Japanese Language Stack Exchange is a question and answer site for students, teachers, and linguists wanting to discuss the finer points of the Japanese language. Join them; it only takes a minute:

Sign up
Here's how it works:
  1. Anybody can ask a question
  2. Anybody can answer
  3. The best answers are voted up and rise to the top

My understanding is that 思われる, in addition to being the passive form of 思う, can also be used in the sense of "to spontaneously think; to appear".

In North America a skirt is thought of as something a woman wears.

In which sense is 思われる being used here? Both seem reasonable:
Spontaneous: In North America, people spontaneously think a skirt is something a woman wears. Passive: A skirt is thought of by North Americans as something a woman wears.

I lean more towards the first one, since a passive sentence would normally mark the agent with に i.e.


share|improve this question
related: japanese.stackexchange.com/questions/11534/… – ssb Sep 17 '13 at 4:36
What source is your "spontaneous" meaning from? – yadokari Sep 17 '13 at 13:11
@yadokari I believe it's one of the four uses of (ら)れる identified in traditional grammar, called 自発. The other three are 受身 (passive), 尊敬 (honorific), and 可能 (potential). – snailplane Sep 17 '13 at 15:15
@yadokari My source was the entry for 思われう in A Dictionary of Intermediate Japanese Grammar, which describes it as "a verb that indicates what the speaker/writer feels spontaneously". They also explicitly distinguish this usage from the passive form of 思う. – Viridian Sep 17 '13 at 15:47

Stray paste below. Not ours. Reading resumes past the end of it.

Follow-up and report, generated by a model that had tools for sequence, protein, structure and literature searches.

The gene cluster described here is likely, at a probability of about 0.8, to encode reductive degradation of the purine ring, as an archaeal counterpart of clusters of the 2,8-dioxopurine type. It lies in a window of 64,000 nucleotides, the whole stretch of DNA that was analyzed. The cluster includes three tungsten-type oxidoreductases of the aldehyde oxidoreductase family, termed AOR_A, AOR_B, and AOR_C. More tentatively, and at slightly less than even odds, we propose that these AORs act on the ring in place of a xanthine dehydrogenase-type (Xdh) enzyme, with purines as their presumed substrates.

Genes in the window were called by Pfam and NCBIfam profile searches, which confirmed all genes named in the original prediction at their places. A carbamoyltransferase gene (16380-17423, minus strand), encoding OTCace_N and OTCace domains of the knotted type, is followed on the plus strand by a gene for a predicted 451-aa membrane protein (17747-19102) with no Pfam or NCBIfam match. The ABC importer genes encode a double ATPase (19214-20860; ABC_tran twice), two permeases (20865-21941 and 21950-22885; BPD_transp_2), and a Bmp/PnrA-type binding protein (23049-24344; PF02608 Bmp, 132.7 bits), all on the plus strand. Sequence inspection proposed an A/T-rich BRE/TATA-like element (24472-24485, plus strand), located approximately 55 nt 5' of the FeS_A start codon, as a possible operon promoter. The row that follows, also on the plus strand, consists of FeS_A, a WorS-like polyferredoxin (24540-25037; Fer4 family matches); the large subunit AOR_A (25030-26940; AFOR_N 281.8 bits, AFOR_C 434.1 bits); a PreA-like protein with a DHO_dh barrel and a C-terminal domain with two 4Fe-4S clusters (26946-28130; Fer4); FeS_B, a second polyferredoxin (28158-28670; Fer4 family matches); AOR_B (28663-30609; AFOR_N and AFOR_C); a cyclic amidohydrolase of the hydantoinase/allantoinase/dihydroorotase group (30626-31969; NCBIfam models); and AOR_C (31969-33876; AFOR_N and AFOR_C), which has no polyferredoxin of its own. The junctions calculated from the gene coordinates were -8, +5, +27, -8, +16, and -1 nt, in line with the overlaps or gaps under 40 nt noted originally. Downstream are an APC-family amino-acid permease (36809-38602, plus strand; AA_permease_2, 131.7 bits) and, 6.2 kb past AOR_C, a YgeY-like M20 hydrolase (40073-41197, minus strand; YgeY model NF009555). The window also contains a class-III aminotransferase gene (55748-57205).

Somehow, I don't think the ている form can be the spontaneous kind, and I think the reason could be related to this question: japanese.stackexchange.com/questions/6538/… . – dainichi Sep 18 '13 at 22:45
up vote 3 down vote accepted

From your last comment (emphasis added):

a verb that indicates what the speaker/writer feels spontaneously

This does not match the translation you give for "spontaneous:"

In North America, people spontaneously think a skirt is something a woman wears.

Do you see the difference? If 思われる were supposed to indicate the author's thoughts or feelings, a better translation would be

It seems that in North America skirts are usually worn by women.

However, with no other context, there is nothing to indicate that this is a personal observation of the author, so the translation

In North America a skirt is thought of as something a woman wears.

seems most appropriate to me.

Also note that it is quite common to leave out the agent in passive sentences. Just a few examples:

I got bullied at school today.

The government was overthrown.

He was killed.

share|improve this answer

The 自発 (spontaneous) 思われる is a static verb (like いる and ある) and cannot take the ている form. So the 思われている in the example is definitely a passive.

The passive 思われる can take the 思われている form based on tense/aspect.

share|improve this answer
That is the grammatical explanation that I was searching for but couldn't find. This is a better answer. – ThisSuitIsBlackNot Sep 19 '13 at 15:40

Your Answer


By posting your answer, you agree to the privacy policy and terms of service.

Not the answer you're looking for? Browse other questions tagged or ask your own question.